Buddy Whittington

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Buddy Whittington
Buddy Whittington.jpg
Performing with John Mayall's Bluesbreakers in Pistoia, Italy
Background information
Born (1956-12-28) 28 December 1956 (age 60)
Fort Worth, Texas United States
Genres Blues, southern rock, blue-eyed soul
Occupation(s) Musician, songwriter
Instruments Guitar, vocals,
Years active 1970s–present
Associated acts John Mayall
Website Buddy Whittington.com
Notable instruments
1963 Stratocaster
Fender Telecaster

Buddy Whittington is an American guitarist. He began playing the guitar inspired by his sister's records of The Beatles, Rolling Stones and, in particular, John Mayall's Bluesbreakers with Eric Clapton. At the age of 14 he was already a part of the Dallas/Fort Worth music scene and playing regularly in the clubs along Jacksboro Highway. While attending high school, Buddy played in a band called "Short Change" which opened for Point Blank, a band that he would later join, replacing guitar player Kim Davis. During the early 1980s, he formed and sang with his own band "The Sidemen".[1] In 1991 they opened for John Mayall and when Coco Montoya left the Bluesbreakers in 1993, Mayall called him to take his place in the band. In Mayall's band Whittington sang occasionally and contributed to songwriting. When, after fifteen years, Mayall disbanded the Bluesbreakers Buddy Whittington continued to gig in Texas but also joined forces with Roger Cotton and Pete Stroud who had toured with Mayall as part of Peter Green's band. 2008 saw the release of his first solo album and he continues to tour regularly in the UK and throughout Europe, though Roger Cotton has left the band which now works as a threesome featuring Darby Todd on drums. In August 2013 Buddy Whittington sat in with his old boss John Mayall at the Bedford Blues Festival in Bedford, Texas. Buddy lives in Hurst, Texas with his family.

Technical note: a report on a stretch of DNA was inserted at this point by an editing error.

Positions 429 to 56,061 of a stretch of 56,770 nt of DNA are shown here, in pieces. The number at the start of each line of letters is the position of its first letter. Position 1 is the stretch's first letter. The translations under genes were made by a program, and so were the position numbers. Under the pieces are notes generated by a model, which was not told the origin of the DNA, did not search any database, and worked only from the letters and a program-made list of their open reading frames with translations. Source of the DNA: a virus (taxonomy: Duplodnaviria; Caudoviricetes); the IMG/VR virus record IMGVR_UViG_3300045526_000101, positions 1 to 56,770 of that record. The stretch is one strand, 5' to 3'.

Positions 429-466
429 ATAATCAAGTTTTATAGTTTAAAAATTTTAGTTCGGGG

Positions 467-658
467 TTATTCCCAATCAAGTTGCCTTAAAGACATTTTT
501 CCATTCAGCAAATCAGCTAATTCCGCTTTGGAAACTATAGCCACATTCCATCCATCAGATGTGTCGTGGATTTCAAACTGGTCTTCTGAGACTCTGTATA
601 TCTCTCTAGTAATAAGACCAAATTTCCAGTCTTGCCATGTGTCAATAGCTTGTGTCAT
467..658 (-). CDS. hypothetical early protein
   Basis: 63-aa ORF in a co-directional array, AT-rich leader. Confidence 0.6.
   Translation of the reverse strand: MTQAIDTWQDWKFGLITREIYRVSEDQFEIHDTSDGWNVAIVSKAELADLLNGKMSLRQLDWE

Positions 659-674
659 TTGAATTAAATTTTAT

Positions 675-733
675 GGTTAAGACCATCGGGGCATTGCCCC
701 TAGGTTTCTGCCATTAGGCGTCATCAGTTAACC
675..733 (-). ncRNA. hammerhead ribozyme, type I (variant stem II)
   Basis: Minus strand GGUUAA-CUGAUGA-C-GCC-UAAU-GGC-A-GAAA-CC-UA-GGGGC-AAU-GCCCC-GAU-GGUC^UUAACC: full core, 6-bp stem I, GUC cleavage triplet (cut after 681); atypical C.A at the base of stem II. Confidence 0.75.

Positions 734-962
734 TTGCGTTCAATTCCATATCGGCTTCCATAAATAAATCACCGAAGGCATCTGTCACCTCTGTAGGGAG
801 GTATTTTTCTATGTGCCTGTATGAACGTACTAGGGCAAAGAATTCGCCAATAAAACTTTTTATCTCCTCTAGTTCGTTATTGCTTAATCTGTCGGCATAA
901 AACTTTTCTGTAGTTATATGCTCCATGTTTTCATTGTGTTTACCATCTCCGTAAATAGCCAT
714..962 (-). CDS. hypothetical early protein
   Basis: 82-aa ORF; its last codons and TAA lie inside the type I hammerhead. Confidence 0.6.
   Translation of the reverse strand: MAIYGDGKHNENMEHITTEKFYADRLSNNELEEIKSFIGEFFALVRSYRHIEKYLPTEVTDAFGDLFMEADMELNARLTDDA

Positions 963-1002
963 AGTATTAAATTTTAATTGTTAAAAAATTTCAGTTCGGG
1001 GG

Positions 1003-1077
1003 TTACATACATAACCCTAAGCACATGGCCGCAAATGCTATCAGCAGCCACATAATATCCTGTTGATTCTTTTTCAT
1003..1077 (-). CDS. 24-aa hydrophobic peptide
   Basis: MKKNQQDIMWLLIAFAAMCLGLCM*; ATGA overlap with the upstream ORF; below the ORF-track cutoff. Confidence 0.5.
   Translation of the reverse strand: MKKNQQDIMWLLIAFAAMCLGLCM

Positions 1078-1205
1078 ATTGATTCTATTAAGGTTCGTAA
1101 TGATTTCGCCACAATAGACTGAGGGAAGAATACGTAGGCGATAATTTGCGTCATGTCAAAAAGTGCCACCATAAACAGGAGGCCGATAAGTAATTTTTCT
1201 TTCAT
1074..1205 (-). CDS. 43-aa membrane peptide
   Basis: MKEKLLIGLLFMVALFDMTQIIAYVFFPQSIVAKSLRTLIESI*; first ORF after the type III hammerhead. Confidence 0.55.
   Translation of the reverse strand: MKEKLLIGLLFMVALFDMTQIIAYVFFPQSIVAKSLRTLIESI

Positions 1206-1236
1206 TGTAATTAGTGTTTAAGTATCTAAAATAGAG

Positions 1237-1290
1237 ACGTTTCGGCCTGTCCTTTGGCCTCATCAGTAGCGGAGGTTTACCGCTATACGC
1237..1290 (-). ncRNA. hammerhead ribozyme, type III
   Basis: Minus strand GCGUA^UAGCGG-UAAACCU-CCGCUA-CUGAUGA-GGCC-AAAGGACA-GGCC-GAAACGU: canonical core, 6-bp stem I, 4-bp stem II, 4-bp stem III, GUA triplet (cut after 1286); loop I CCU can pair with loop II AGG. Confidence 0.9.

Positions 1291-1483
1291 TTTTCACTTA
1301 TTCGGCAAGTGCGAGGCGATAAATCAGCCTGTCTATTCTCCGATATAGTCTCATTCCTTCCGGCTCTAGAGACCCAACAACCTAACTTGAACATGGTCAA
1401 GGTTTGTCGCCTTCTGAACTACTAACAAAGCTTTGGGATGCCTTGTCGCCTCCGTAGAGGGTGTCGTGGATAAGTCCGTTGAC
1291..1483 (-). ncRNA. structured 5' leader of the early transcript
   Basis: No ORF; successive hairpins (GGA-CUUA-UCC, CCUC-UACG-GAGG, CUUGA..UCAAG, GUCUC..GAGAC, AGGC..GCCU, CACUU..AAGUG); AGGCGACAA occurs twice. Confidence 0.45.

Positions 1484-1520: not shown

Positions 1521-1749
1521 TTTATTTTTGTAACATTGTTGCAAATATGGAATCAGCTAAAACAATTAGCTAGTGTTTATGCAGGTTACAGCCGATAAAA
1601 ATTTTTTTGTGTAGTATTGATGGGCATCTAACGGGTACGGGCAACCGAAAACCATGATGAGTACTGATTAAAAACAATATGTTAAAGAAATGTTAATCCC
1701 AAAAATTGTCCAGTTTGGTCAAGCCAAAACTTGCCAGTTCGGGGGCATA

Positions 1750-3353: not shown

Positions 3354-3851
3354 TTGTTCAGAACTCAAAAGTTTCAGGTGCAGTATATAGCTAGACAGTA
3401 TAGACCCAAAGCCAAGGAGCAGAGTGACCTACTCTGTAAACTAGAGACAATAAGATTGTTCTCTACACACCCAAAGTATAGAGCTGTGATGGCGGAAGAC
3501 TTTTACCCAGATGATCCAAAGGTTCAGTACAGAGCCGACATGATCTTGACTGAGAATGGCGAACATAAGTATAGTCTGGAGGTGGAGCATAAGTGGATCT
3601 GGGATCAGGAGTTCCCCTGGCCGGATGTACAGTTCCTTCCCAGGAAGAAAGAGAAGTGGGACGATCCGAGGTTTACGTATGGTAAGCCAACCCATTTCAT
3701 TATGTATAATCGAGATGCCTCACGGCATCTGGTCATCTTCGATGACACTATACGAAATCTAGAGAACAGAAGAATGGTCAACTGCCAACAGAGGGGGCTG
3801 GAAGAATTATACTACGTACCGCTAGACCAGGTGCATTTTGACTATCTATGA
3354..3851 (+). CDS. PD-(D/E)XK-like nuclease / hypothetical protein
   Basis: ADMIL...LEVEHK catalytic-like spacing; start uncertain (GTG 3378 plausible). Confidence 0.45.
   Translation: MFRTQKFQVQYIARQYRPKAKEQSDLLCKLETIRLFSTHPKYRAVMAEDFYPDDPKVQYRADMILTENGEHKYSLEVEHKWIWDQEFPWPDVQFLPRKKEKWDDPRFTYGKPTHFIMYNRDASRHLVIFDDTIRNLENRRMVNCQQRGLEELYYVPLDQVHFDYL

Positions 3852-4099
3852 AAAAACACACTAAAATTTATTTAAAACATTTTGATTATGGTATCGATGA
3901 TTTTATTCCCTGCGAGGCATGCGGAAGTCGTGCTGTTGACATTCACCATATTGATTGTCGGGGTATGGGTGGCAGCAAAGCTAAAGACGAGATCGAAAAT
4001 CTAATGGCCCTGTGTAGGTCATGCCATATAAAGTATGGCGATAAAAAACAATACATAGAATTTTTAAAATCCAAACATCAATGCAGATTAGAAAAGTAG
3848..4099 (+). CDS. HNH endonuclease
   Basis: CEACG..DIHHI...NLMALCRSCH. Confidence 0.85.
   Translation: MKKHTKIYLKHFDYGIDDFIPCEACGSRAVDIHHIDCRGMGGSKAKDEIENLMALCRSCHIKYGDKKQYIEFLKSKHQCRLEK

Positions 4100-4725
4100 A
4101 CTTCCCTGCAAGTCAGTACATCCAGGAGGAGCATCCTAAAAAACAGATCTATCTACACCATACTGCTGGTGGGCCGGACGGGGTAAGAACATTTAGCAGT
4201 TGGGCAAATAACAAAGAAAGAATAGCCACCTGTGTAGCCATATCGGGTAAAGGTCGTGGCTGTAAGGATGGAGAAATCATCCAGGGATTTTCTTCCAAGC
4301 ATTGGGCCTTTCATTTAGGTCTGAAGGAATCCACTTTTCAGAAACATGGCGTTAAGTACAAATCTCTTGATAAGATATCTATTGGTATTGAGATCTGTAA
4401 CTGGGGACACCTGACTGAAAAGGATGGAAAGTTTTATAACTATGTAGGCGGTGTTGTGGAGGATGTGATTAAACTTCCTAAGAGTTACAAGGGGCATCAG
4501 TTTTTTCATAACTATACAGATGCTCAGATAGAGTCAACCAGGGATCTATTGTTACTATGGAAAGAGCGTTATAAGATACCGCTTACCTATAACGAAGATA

Buddy Whittington usually plays a 1963 Stratocaster plugged into a Dr. Z amplifier. He also plays a Lentz guitar modeled partially after the Fender Telecaster.


  1. ^ Skelly, Richard. "Biography: Buddy Whittington". Allmusic. Retrieved 11 November 2010. 

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